As Catholic-Jewish Relations Warm in Rome, They Cool in Chicago After Farrakhan’s Speech

Minister Louis Farrakhan, of the Nation of Islam, speaks at St. Sabina Church on May 9, 2019, in Chicago. (Ashlee Rezin/Chicago Sun-Times via AP)

During a standing-room-only speech at a Roman Catholic church in Chicago this week, Minister Louis Farrakhan attempted to defend himself against charges he promotes violence and hate.

But then, in a speech livestreamed on the church website and on Facebook, he turned to a familiar refrain: anti-Semitism.

“I just know the truth,” Farrakhan said at St. Sabina Roman Catholic Church. “And I’m here to separate the good Jews from the satanic Jews.”

Jonathan Greenblatt, CEO of the Anti-Defamation League, called Farrakhan’s remarks “vintage Farrakhan” and wondered why Chicago Catholics would invite him to speak.

“These are the hateful notions that have poisoned the Nation of Islam’s worldview for decades, and it is deeply disappointing that he was given a platform in a church to spew his hateful vitriol,” Greenblatt said.

The Rev. Michael Pfleger, an activist and showman known for opposing gun violence and racial injustice, declared he invited Farrakhan because “I have been and always will be a defender of free speech.”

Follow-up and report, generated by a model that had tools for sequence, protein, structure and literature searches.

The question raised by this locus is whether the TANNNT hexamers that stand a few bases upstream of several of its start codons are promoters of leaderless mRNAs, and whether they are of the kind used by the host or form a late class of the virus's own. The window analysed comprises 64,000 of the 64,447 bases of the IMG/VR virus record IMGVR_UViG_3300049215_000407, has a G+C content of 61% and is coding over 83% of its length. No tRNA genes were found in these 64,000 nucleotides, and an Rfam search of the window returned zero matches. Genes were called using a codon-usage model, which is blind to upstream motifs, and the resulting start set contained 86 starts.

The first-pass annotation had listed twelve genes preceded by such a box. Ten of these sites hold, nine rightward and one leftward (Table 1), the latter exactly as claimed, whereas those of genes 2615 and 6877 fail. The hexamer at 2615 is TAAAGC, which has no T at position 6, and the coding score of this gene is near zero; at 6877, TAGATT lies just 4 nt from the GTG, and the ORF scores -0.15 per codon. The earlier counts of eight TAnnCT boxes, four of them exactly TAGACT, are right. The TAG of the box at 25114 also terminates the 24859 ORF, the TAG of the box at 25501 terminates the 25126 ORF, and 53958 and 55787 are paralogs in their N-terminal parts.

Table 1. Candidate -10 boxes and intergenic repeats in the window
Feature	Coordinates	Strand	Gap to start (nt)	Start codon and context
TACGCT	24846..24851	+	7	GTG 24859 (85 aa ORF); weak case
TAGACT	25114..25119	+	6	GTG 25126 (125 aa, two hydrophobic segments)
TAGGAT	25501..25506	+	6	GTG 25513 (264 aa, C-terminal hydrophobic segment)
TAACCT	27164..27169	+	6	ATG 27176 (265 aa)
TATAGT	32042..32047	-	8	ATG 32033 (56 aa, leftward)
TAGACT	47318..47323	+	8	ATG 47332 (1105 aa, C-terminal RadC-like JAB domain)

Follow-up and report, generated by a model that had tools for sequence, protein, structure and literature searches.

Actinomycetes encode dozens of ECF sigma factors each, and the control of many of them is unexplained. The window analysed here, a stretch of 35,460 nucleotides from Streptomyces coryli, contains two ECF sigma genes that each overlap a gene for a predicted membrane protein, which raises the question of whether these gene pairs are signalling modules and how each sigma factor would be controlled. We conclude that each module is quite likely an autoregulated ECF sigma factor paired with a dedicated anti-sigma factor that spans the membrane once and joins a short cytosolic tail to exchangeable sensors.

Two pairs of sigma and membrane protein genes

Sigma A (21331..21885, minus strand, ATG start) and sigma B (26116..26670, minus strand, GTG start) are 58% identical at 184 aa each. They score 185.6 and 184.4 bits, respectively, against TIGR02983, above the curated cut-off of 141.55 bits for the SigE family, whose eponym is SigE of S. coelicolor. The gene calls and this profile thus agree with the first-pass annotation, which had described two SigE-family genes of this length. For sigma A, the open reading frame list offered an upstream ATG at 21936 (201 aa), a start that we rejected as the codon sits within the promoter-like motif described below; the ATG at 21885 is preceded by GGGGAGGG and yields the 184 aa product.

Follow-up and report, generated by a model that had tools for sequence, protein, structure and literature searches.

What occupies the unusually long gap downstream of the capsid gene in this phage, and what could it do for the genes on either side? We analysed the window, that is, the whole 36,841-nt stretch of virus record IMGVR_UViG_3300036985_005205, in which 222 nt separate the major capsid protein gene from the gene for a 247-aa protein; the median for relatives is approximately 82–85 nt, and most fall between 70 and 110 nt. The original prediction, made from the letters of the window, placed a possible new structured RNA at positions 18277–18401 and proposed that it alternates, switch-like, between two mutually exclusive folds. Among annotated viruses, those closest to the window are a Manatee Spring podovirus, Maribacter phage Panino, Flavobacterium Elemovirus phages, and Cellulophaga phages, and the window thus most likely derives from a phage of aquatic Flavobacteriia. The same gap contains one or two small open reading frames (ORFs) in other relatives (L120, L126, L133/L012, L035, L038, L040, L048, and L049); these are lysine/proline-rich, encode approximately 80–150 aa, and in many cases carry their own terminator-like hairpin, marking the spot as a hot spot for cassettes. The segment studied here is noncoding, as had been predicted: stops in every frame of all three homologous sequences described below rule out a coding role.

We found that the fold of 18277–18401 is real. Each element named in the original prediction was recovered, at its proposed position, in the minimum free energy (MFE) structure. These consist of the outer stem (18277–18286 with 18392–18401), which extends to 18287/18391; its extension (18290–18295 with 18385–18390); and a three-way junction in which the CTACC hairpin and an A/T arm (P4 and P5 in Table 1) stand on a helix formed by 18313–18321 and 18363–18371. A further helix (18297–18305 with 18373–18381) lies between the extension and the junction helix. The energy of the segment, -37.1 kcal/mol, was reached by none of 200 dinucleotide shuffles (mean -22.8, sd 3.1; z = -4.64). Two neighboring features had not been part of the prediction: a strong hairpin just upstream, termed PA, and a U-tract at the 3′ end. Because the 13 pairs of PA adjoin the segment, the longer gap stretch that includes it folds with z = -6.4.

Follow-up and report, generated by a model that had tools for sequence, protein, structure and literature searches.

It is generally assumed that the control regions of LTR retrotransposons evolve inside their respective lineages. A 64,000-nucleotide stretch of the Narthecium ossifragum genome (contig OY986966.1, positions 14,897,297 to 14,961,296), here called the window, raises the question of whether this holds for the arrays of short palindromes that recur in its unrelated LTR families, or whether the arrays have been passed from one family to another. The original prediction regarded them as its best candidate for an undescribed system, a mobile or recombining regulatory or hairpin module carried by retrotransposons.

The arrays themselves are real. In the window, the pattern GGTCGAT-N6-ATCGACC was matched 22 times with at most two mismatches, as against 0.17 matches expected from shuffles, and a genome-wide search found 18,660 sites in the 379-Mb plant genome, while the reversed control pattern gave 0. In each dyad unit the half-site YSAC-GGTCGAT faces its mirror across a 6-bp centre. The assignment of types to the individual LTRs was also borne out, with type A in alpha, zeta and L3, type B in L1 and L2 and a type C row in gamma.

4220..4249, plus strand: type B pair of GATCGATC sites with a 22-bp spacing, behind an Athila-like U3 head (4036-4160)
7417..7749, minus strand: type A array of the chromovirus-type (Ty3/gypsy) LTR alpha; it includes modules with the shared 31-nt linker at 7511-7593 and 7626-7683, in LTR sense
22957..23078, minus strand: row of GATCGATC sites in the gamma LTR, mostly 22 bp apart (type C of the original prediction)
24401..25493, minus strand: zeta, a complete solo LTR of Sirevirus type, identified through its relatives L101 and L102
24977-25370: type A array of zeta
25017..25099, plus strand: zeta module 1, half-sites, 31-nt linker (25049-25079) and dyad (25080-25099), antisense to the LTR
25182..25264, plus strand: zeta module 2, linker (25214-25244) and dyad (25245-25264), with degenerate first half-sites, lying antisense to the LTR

Earlier in the day in Rome, Pope Francis addressed a conference of scholars assembled at the Pontifical Biblical Institute and spoke of an “ever more profound and fraternal dialogue” between Catholics and Jews.

The Rev. Michael Pfleger, left, sits next to Minister Louis Farrakhan, of the Nation of Islam, before they both speak at St. Sabina Church on May 9, 2019, in Chicago. (Ashlee Rezin/Chicago Sun-Times via AP)

Eric Meyers, professor emeritus of Judaic studies at Duke University who spoke at the conference, called it “a historic milestone in Catholic-Jewish relations.”

He believes the conference might one day eclipse “Nostra Aetate,” the landmark 1965 Vatican declaration that established a new rapport between Jews and Catholics.

The juxtaposition is a stark reminder that while Catholic, Protestant and Jewish scholarly and institutional structures have grown increasingly collaborative and warm, anti-Semitism remains a strong undertow.

Pfleger, the 69-year-old priest of a predominantly African American church, told Religion News Service he invited Farrakhan after Facebook banned him, along with inflammatory right-wing figures Alex Jones and Milo Yiannopoulos, from its site.

The priest claimed that people hate Farrakhan because all they’ve heard from him are various sound bites. Pfleger said he had received more than 100 hateful emails on Friday; most were about Farrakhan’s comments about “satanic Jews,” he said. Pfleger said he did not interpret Farrakhan’s comments as being anti-Semitic.

Click here to read more.
Source: Religion News Service